Ahmed, Sara. (2017). Being in question. Living a feminist life. Durham: Duke University Press, 115-134.
Ahmed discusses how bodies that are not accommodated by institutional norms are made to give account of their arrival, to their being, and to their doing.
Keywords: feminism, feminist theory, theory, intersectionality, diversity, access
“To be questioned, to be questionable, sometimes can feel like a residence: a question becomes something you reside in. To reside in a question can feel like not being where you are at” (p. 116).
“These questions only appear to be questions; they often work as assertions. When you are stopped, a right to stop you is asserted. In being assertive, such speech acts render you questionable, as someone who can be questioned, as someone who should be willing to receive a question. A body can become a question mark” (p. 117).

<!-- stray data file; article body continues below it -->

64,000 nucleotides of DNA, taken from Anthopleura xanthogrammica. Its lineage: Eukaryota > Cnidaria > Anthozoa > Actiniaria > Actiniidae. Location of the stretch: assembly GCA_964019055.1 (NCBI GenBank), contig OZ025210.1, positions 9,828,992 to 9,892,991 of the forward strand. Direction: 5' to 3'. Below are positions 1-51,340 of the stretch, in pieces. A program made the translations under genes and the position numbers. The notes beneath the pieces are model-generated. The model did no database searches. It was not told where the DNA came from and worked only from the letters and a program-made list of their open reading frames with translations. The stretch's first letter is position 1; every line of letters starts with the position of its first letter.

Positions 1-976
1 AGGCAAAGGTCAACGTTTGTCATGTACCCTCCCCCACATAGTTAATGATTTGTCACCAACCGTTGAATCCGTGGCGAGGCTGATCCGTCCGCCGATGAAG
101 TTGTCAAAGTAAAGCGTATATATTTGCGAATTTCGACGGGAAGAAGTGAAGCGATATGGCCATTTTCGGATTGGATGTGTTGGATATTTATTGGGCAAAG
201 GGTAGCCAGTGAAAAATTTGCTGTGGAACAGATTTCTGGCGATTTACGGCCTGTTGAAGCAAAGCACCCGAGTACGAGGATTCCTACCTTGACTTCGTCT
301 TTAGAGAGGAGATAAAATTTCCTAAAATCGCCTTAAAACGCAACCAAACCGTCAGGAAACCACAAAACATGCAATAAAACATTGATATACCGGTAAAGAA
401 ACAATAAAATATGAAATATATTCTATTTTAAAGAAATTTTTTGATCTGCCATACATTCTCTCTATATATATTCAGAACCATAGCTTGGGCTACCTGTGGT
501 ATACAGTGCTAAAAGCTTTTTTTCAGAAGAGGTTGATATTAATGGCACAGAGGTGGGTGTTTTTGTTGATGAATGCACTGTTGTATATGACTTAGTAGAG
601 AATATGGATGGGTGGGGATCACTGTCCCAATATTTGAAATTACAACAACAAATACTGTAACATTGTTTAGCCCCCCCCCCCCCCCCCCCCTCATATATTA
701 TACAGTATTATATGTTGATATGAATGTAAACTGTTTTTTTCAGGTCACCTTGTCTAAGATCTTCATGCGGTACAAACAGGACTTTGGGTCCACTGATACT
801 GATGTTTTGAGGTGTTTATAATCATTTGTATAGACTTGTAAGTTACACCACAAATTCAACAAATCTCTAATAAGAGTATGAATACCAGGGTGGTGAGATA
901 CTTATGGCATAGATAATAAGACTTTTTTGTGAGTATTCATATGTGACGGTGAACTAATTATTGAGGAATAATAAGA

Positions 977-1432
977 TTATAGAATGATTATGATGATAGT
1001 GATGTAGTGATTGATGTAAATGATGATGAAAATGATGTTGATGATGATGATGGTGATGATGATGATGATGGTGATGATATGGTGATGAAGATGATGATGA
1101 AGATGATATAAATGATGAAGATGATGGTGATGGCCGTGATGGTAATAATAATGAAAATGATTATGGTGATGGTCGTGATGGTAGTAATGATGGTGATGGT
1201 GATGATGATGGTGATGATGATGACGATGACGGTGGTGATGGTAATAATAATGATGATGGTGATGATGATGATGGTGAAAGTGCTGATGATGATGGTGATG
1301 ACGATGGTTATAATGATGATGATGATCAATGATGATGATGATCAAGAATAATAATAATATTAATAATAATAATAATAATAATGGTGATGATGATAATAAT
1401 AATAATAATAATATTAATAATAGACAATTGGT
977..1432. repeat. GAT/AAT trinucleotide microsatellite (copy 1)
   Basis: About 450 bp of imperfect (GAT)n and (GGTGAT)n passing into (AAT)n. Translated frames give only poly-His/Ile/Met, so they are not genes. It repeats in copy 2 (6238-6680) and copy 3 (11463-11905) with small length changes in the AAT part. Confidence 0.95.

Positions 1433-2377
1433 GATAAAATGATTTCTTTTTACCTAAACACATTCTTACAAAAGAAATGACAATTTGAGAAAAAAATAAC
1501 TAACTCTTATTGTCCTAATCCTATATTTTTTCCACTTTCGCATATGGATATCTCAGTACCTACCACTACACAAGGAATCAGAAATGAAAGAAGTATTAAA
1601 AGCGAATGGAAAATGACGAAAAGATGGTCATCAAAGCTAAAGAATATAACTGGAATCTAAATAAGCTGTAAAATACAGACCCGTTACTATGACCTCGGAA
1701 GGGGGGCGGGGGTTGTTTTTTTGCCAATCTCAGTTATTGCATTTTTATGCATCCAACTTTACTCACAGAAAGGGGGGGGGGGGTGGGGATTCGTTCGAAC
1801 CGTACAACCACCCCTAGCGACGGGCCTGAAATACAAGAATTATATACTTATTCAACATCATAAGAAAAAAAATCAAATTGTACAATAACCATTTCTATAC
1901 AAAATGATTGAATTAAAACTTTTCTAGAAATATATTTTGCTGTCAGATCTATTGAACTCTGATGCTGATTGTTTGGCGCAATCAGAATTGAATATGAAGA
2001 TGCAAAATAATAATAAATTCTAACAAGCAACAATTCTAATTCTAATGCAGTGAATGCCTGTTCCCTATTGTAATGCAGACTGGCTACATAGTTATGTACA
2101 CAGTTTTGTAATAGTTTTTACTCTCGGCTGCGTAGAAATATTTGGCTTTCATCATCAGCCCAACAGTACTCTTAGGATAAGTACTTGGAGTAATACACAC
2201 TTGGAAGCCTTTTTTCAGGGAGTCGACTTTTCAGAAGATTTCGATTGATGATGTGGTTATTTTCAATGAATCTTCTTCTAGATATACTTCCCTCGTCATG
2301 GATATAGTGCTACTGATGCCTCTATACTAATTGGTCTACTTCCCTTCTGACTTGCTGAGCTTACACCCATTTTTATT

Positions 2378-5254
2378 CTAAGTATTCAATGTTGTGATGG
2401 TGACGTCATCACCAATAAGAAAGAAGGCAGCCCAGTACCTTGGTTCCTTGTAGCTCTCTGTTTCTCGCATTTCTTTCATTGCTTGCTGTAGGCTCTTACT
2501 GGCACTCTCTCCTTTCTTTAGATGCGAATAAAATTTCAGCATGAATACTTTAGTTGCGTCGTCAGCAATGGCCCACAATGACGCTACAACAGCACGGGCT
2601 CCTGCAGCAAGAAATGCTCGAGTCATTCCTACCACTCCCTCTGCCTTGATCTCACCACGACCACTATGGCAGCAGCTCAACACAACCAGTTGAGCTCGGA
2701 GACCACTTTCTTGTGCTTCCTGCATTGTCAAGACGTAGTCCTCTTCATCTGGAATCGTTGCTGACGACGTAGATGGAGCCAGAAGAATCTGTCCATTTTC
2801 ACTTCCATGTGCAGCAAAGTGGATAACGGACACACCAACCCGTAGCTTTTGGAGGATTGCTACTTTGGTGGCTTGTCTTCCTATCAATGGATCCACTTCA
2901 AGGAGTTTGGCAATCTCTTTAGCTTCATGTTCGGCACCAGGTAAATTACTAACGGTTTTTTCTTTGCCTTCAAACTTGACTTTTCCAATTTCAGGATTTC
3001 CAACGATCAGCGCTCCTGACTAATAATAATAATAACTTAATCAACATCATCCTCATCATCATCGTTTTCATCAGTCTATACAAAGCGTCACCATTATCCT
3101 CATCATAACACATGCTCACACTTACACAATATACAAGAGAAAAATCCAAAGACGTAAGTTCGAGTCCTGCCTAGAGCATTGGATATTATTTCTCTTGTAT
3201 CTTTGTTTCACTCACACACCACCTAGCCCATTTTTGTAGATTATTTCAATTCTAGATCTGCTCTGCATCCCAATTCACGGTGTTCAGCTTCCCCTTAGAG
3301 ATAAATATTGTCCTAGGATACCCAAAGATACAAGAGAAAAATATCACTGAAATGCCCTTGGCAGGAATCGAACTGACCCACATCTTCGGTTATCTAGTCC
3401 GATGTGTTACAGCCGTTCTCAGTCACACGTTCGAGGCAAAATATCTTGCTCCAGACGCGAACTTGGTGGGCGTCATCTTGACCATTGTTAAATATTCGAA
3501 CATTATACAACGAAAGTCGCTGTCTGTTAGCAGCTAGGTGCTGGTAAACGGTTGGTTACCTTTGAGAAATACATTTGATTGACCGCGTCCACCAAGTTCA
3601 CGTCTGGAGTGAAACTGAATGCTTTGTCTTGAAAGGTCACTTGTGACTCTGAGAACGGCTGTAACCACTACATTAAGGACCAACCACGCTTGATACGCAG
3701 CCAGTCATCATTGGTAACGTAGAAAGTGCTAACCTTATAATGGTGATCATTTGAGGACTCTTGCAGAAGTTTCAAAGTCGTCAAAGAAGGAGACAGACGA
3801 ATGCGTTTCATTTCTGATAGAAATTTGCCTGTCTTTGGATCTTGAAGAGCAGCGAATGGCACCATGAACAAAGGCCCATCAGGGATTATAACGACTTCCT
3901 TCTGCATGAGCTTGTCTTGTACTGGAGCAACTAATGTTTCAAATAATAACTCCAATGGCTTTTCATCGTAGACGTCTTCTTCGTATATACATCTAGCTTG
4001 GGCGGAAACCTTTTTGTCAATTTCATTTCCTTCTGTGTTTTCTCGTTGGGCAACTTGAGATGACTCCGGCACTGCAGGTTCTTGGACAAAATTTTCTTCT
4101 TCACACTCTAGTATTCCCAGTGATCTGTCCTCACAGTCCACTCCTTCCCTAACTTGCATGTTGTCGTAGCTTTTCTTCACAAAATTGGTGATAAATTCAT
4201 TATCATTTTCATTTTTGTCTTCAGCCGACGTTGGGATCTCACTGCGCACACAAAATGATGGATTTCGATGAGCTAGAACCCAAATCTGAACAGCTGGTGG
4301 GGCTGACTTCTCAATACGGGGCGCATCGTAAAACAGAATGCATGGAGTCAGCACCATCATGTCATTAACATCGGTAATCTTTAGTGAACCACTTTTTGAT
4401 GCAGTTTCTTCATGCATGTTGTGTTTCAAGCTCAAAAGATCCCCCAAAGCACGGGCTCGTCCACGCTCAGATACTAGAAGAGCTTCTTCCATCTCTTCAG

“For some to be is to become an imposition or restriction on the freedom of others” (p. 122).
“Diversity work: when you have to try to make others comfortable with the fact of your own existence” (p. 131).
“When we do not recede into the background, when we stand out or stand apart, we can bring the background into the front: before we can confront something we have to front up to how much depends on the background” (p. 132).